Meet Safety Standards
An accumulation of dust in any industrial setting poses a threat to the health and safety of those working there. This is especially true in the world of metalworking where the fine dust particles may be especially toxic. In light of this threat, the Occupational Safety and Health Administration (OSHA) has established standards of safety that must be followed in any such industrial settings. These address not only dust that may be inhaled but also the threat of combustibility through its accumulation. Check out the latest combustible dust update HERE. When you look for an industrial dust control system, begin by ensuring that it meets these and other industry standards.
Anticipate Dust And Fumes
As you consider a system to provide dust control for your work space, make sure you take fumes into account as well. In many metalworking processes, noxious fumes are created which are more than unpleasant; they can be increasingly harmful when inhaled. Not all industrial dust control systems are created to handle this dual threat, so it is vital to choose a collector that can manage both dust and fume generated by metalwork manufacturing.
Your Industrial Dust Control Solutions Experts
Whether you need dust and fume filtration or just a dust collection system, Imperial Systems is your industrial dust control headquarters. We manufacture the most efficient, strongest and longest-lasting systems and filters in the industry. Through these products, we have become well known for our dedication to quality, value, and safety. Our outstanding line of equipment includes:
- CMAXX™ Dust Collector System
- DeltaMAXX™ Cartridge Filters
- CMAXX™ Laser Fume Extraction System
- Spark Arrestor
- Explosion Isolation Valve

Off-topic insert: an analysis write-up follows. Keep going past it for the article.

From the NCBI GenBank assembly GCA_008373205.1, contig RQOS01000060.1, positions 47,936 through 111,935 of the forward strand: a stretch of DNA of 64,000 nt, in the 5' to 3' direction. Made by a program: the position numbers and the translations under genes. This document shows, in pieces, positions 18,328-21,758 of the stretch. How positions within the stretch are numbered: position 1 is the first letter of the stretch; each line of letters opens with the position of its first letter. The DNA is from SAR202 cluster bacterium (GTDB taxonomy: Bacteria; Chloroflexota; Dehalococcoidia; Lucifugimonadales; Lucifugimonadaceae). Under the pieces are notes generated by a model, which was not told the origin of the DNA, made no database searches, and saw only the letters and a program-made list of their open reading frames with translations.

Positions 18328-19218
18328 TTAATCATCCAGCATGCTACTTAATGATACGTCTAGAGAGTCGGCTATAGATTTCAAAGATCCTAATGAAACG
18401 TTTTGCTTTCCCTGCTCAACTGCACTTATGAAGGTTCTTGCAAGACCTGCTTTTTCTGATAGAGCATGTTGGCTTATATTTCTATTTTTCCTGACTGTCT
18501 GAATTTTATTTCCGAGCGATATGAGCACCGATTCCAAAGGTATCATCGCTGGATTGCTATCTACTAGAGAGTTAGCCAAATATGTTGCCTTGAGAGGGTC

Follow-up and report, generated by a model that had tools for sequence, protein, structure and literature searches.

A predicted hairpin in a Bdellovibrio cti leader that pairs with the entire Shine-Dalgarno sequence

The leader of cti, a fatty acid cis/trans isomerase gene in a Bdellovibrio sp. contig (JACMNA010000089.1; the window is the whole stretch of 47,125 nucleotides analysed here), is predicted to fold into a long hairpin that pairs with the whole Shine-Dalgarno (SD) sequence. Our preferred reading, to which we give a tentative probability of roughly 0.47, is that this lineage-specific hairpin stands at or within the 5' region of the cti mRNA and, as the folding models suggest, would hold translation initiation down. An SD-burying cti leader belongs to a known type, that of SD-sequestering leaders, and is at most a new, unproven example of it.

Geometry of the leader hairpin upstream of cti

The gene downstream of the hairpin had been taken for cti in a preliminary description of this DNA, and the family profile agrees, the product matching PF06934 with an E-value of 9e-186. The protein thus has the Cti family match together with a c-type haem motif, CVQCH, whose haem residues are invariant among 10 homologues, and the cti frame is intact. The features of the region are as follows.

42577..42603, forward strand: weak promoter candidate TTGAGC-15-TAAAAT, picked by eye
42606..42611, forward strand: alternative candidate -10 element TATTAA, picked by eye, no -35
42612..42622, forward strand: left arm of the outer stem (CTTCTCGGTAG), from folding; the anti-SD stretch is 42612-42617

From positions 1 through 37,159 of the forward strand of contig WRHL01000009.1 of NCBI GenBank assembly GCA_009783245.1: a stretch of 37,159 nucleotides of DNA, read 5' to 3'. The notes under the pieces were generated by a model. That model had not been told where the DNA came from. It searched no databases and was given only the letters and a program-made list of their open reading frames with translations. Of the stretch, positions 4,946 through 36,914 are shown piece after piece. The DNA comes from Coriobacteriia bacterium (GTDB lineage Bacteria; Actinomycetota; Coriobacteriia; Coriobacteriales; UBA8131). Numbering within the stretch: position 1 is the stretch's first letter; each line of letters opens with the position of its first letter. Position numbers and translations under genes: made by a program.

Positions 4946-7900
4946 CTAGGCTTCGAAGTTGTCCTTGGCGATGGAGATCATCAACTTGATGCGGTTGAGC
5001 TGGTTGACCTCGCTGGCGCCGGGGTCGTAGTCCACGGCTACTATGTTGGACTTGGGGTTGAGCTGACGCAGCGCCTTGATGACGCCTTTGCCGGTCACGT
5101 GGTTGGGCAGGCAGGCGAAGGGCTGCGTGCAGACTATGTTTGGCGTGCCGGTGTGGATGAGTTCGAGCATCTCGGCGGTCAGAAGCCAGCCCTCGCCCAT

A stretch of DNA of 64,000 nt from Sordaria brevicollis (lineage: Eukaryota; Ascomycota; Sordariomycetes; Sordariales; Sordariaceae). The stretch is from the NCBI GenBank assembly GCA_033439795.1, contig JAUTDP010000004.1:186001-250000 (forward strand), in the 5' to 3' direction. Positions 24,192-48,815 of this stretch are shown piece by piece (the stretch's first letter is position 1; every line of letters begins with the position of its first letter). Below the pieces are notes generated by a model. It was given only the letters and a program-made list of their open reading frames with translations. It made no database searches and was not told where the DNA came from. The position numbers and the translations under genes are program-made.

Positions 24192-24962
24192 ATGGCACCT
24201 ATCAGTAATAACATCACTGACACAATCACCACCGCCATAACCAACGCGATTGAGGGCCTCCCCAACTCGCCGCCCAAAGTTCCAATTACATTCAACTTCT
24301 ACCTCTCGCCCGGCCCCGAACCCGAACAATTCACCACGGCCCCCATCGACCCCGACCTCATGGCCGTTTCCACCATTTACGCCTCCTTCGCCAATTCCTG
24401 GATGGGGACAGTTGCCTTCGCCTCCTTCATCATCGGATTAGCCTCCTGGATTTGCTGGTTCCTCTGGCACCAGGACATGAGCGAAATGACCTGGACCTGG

- Custom Ductwork & Fittings
- Heavy Duty Abort Gates
- and more!
Most of our products are available to ship within 24 hours. For more information about our products and how we can support your metalworking business, contact us today.
Ever wonder how much facilities like yours might be paying when they don’t have proper dust control?
When a facility doesn’t have proper dust control equipment installed, or when they fail to protect their workers from welding fumes or combustible dust, fines from OSHA may be in your future. Since March of 2016, numerous fines OSHA have been handed out for respiratory hazard violations:
- A cement company in Ohio is looking at a $92,000 fine for violations that include silica dust exposure
- A company’s abrasive blasting process without proper air filtration resulted in a $121,000 fine for exposing workers to airborne lead
- Fines for a power equipment manufacturer may total $77,000 for violations including failure to evaluate dust hazards
- A pallet manufacturer is facing $152,000 in fines for safety hazards including combustible dust build-up
- Exposing workers to lead and cadmium dust at seven times the permissible limit will cost a Pennsylvania foundry $42,000
- A minerals company that failed to provide proper air quality and dust control exposed workers to lead and arsenic, which may cost them $106,000
Is your dust collection system ensuring you don’t face these kinds of fines? Imperial Systems can help! Our custom-designed dust control systems will help keep your facility and your employees safe. Call one of our knowledgeable team members today to learn more! 800-918-3013.